Volkswagen owned sports car maker Porsche could develop a flying passenger vehicle to compete with rivals in a possible market for urban air taxis and ride-sharing services, Porsche sales chief Detlev von Platen told a German magazine.
“That would really make sense. If I drive from the Porsche plant in Zuffenhausen to Stuttgart airport, I need at least half an hour, if I’m lucky. Flying would take only three and a half minutes,” Automobilwoche quoted von Platen as saying.
Volkswagen’s auto designer Italdesign and Airbus at last year’s Geneva auto show presented a two-seater flying car, called Pop.Up, designed to avoid gridlock on city roads.
The magazine said that under Porsche’s plans, passengers would be able to have some control over the flying vehicle themselves but would not need a pilot license because many of the car’s functions would be automated.
Potential competitors to a flying vehicle made by Porsche would be German start-ups Volocopter, backed by Daimler, Lilium Jet and eVolo, as well as U.S.-based Terrafugia and California-based Joby Aviation.
Earlier, Uber Technologies had announced that they will test a flying car in five years, pushing their target even further behind by two years for what is now being called the new frontier in mobility. “With battery technology radically improving in terms of size, power and storage capacity of batteries, we are now in the position for manufacturers to build vehicles that have multiple rotors that create a safe environment for vertical takeoffs,” Dara Khosrowshahi, chief executive officer at Uber, said in an interaction with the media in New Delhi. “We think it will take five years or so for these vehicles to be available on a pilot basis.”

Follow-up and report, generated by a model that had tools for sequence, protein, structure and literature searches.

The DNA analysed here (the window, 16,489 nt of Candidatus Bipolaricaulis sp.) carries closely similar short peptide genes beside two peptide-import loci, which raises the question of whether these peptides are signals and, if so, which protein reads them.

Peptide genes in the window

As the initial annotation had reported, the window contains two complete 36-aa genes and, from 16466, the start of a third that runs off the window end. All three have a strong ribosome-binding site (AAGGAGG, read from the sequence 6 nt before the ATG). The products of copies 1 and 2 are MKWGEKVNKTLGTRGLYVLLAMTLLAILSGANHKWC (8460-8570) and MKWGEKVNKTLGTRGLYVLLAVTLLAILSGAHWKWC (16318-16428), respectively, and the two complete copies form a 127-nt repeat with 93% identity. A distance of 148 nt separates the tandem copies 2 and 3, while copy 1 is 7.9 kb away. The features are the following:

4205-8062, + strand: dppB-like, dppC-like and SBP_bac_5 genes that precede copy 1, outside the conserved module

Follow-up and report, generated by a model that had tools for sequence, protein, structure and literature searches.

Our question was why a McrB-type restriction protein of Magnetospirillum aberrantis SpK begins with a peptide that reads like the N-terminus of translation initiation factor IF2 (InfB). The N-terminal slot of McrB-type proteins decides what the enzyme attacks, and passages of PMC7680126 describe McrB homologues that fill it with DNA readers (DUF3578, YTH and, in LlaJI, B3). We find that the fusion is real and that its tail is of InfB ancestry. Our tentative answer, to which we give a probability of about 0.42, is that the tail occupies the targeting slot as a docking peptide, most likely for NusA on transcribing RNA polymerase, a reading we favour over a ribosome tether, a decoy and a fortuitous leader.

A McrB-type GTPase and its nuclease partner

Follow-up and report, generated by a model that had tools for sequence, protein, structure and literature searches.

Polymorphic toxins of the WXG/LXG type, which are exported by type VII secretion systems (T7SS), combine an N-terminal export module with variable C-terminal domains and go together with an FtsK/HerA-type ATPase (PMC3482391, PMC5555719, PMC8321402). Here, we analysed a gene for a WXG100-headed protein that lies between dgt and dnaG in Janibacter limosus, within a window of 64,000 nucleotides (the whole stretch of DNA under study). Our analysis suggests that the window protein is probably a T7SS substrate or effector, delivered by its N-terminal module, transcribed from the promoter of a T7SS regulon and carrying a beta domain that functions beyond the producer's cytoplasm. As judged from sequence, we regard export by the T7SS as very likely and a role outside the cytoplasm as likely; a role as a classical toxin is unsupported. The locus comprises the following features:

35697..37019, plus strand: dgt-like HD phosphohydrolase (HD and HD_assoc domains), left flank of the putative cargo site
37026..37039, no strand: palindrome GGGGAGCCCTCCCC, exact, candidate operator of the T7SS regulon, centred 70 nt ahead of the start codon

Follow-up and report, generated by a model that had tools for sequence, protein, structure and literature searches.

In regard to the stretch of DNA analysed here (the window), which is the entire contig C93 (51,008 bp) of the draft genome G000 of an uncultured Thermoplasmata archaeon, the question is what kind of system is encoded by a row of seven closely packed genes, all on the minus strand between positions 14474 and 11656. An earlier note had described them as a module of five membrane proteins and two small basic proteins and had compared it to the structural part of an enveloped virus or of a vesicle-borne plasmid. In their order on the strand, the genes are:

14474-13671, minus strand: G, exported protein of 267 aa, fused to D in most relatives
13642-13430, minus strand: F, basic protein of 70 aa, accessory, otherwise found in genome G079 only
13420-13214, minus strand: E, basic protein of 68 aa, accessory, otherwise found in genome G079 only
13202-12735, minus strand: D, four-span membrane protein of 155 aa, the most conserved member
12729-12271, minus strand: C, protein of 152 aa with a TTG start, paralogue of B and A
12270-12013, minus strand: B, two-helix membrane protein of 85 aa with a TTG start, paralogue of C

While the thought process behind a flying taxi by Porsche and Uber is right, it is far away from reality. Others working on a flying taxi prototype includes Google co-founder and CEO Larry Page, backing two flying car projects aside from Toyota Motor and Airbus who are betting big on similar projects.
With inputs from Reuters